A number of years ago, I was the reluctant nominee to be the director of a small non-profit membership organization. It was a time of transition and of considerable distress with declining membership, declining public interest and declining revenues. I had no expectations that taking the helm would be a walk in the park, but I knew and respected all of the people on the board, and they knew and respected me. All except for one person … the board president, Ivan. From day one, Ivan was antagonistic, dismissive, undermining and caustic. His face would immediately take on a profoundly pained expression whenever he encountered me. Since Ivan didn’t know me at all before my appointment, I suspected some sort of shadow transference and projection driving his antagonism – something about me triggering memories of a significant person in Ivan’s painful past, most likely … dad. But I expected that he would be self-aware enough to at least be civil and courteous. He was anything but. After a year of going head to head with him, very little creative change was accomplished and the organization continued to founder. Ivan was able to use that fact and others to turn me into an enemy and convince the board that I should be fired. And I was. So what was initially a profoundly inner, distracting discomfort in him (and then, by turn in me), got turned into an outer solution to fix the problem – essentially, get rid of the messenger. Six years later the nonprofit continues to founder.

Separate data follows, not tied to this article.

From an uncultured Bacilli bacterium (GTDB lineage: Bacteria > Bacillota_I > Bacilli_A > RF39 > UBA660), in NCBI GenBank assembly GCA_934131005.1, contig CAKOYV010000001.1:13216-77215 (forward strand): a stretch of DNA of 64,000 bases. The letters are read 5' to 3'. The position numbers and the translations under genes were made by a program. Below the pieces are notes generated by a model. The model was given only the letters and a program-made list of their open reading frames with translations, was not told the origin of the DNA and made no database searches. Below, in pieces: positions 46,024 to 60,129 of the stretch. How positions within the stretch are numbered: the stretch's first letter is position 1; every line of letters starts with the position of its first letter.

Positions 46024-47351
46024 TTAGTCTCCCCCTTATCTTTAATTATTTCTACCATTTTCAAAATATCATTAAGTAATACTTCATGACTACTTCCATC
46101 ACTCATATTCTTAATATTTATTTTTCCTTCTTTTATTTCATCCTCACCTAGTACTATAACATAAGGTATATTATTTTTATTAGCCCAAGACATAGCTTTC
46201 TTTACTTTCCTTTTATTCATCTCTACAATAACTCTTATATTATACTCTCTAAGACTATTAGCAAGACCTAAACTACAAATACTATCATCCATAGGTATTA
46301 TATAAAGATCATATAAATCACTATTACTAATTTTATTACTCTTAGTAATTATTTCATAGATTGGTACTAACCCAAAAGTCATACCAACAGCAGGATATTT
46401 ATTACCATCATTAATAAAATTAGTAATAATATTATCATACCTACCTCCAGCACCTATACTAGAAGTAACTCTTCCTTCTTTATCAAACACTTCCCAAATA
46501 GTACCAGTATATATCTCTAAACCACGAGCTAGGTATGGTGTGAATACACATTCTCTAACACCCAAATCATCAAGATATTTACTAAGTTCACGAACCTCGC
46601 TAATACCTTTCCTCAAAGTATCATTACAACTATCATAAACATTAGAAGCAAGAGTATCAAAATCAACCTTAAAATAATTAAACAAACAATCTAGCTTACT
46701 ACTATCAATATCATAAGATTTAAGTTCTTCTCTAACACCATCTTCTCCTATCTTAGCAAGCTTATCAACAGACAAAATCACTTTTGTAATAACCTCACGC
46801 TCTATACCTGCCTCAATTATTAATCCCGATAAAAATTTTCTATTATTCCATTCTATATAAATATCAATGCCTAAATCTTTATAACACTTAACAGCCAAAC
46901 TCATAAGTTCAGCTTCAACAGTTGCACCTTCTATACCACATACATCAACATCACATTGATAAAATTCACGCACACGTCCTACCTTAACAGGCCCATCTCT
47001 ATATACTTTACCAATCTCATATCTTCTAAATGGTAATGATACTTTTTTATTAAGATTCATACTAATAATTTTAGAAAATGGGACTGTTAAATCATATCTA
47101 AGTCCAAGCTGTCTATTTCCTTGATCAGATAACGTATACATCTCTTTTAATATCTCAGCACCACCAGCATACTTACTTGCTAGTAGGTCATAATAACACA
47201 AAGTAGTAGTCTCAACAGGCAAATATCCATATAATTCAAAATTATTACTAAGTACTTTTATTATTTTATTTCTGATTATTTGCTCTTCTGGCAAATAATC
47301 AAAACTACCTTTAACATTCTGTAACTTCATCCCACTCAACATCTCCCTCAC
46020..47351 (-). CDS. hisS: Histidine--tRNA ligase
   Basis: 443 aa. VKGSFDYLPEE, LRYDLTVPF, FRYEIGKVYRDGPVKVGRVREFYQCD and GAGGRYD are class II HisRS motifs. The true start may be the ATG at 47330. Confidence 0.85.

This is a small-scale, much simplified account of the same process that drove Hitler to organize insanity and eliminate the people who made him and thousands of other Germans uncomfortable: Jews, homosexuals, the handicapped, blacks, Poles, gypsies and Jehovah’s Witnesses. I’m sure if Hitler were around today, neuroscientists would be added to his list, because neuroscientists tend to frequently tell people uncomfortable truths. Both Ivan and Hitler could have benefited from doing some inner work like that prescribed by Michael Brown in his Presence Process – employing some ongoing, effective training for growing ourselves up emotionally.
Fascism Begins at Home
Fascism begins at home, usually an unhappy one. But more than unhappy, often one in which a wide variety of abuse is a regular occurrence. The Crimes Against Children Research Center claims one in four children report exposure to family violence and abuse. How much goes unreported? If you look at the childhood history of the world’s cruelest dictators, you almost invariably find significant conflicts with early authority figures that most likely involved some form of traumatic abuse. It’s difficult to document, since there is rarely anyone recording or reporting such episodes in the childhood years, but we can extrapolate from the evidence showing up in the resulting behaviors. As correlations from the ACE study clearly suggest, without healing interventions, early childhood abuse disorganizes the brain and significantly compromises its capacity for processing energy and information. Abuse makes people sick.
Embracing my Inner Fascist